View Full Version : Contract question

03-28-2010, 07:31 PM
Hello everyone !!!
I'm searching for some info....I currently own a few grounds maintenance contracts that include only lawn mowing and snow removal. i am busy with other things this year already and want to sell the remaining 10 months of a two year contract. I have a buyer but we are both worried of the legalities. What restrictions would bar me from legally transfering him this contract? Also I live in MN...any difference here??

All advice is always appreciated !!!!!!!

03-29-2010, 12:21 AM
First thought that comes to mind, is just give the customers a call. Tell them you're wanting to wind down this business, and you've found another contractor to take over your contracts. Ask them if they're ok with that and would sign an amendment to transfer the responsibility to the new guy.

A downside could be if the customer wants out too. They might just ask you to just cancel the contract.

03-29-2010, 12:26 AM
Posted via Mobile Device

03-29-2010, 12:32 AM
I wish I could go to the customer but in this case it is a large account and they would take the opportunity to end the contract as they already think they can get a cheaper price than locked in at with me. I don't want to lose the work if I can't sell it but no longer want the work. Can they really do anything about me selling it ???
Posted via Mobile Device

03-29-2010, 12:39 AM
I'm not a laywer, and I didn't even sleep at a Holiday Inn Express last night.

But my guess is, if your contract doesn't have a clause to say you can sell it, then selling it would be a breach (which could mean they could walk). It might be different if you retained the contract yourself, but then subcontracted the work to the other guy. Then YOU are fulfilling the contract similar to if you hired an hourly employee to do it. Since its only 10 months, this might be easiest way to do it. Agree on how much you were going to sell it for, then pay the other guy the difference to sub it.

But legally I don't know what I'm talking about.

03-29-2010, 12:40 AM
The contract is between you and the company. Not the naxt guy you pass it on too. They could let him cut it for months and never pay him and that would hold up in court a say that guy didn't even have permission to be on the property. If they are willing to sign the contract to him then he can service the property and get paid for it as the contract will be between them and the new guy. Just SUB the properties to him and still invoice under your company and pay the guy yourself. Just be sure the SUB has the same meets the insurance requirements and tell him that if anyone asks the company name to use yours.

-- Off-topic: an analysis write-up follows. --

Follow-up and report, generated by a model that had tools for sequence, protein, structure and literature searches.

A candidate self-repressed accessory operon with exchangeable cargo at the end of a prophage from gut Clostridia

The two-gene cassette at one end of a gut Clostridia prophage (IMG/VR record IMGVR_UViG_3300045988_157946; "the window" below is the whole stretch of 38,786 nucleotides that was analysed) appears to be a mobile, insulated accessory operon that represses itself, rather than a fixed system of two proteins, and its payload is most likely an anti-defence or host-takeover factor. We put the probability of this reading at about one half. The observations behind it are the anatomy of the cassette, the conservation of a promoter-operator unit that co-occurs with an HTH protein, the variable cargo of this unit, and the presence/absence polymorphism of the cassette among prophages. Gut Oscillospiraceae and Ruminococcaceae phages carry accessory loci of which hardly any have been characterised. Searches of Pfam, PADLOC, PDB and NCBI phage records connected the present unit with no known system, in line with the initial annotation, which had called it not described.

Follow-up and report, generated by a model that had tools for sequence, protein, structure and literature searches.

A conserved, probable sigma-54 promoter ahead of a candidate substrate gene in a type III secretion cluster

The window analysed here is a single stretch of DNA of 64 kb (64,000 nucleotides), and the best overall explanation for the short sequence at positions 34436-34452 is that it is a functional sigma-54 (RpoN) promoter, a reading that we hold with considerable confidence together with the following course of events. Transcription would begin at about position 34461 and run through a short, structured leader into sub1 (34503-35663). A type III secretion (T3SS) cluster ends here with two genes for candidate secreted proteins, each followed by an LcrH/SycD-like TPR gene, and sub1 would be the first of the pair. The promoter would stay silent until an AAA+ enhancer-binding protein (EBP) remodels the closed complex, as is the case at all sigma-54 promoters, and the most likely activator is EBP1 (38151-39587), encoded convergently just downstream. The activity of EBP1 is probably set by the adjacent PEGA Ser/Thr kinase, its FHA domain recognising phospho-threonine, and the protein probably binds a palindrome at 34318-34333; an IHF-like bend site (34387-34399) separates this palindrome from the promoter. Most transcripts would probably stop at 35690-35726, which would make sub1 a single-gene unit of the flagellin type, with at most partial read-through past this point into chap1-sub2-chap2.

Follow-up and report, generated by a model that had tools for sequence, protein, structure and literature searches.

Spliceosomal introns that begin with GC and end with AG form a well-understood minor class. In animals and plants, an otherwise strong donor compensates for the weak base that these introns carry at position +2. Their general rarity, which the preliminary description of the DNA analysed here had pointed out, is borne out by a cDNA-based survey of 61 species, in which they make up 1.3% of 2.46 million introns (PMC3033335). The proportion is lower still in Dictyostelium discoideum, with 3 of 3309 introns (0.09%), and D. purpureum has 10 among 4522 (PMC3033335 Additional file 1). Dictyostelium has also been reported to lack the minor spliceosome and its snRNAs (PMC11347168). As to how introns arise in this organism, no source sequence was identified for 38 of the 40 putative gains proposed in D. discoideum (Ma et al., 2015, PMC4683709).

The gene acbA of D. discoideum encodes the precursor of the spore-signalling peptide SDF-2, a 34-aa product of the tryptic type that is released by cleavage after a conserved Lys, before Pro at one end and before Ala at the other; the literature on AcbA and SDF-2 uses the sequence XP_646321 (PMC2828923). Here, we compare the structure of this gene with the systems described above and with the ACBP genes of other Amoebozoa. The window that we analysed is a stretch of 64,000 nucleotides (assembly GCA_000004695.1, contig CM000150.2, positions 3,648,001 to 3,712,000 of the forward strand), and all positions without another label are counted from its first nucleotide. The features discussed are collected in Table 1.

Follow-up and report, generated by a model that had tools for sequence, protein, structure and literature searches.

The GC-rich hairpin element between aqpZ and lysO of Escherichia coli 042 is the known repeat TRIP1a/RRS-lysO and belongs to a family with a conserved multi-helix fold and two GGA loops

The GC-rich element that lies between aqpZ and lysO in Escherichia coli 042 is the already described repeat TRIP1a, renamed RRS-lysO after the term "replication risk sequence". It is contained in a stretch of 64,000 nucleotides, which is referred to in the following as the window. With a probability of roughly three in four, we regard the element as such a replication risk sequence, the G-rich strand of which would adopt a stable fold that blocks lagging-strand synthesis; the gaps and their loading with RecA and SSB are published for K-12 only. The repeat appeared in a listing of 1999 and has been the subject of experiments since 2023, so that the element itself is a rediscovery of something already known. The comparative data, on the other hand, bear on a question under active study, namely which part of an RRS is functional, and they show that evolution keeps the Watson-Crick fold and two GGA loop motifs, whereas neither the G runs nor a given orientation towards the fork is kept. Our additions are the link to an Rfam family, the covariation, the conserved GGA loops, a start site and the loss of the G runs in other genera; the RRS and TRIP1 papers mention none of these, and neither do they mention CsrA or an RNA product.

03-29-2010, 12:49 AM
Good ideas.... I don't know this guy or his work ethics but he is more established than me which would suggest he is at least reliable. I guess I am just looking to wipe my hands of it. My contract has no language for transfer or sale either but not convinced it needs it yet.
Posted via Mobile Device

03-29-2010, 11:35 AM
Some contracts have an assignability clause which will state that the contract is not assignable by either party without written notice and agreement to the other. You need to check and see what you have to work with. If you have your business placed into and entity (corp, inc., LLC, etc.) then you may be able to sell the business and the buyer can then do the contractual work under the name of your entity, which it bought. BUT, this goes back to the Assignment clause if one exists. Also remember to check your specific State law. Laws of the States differ.

03-29-2010, 11:47 AM
That's kind of why I'm. In here...for those answers. The contract was written by me and is basically a performance contract with installments. The only language about termination states no termination allowed unless a continued performance issue or by mutual agreement. I'm in MN
Posted via Mobile Device

04-24-2010, 11:32 PM
Consider going to the customer and negotiating a release from the remaining 10 months on your contract in return for a longer term contract at a lower price with your buyer.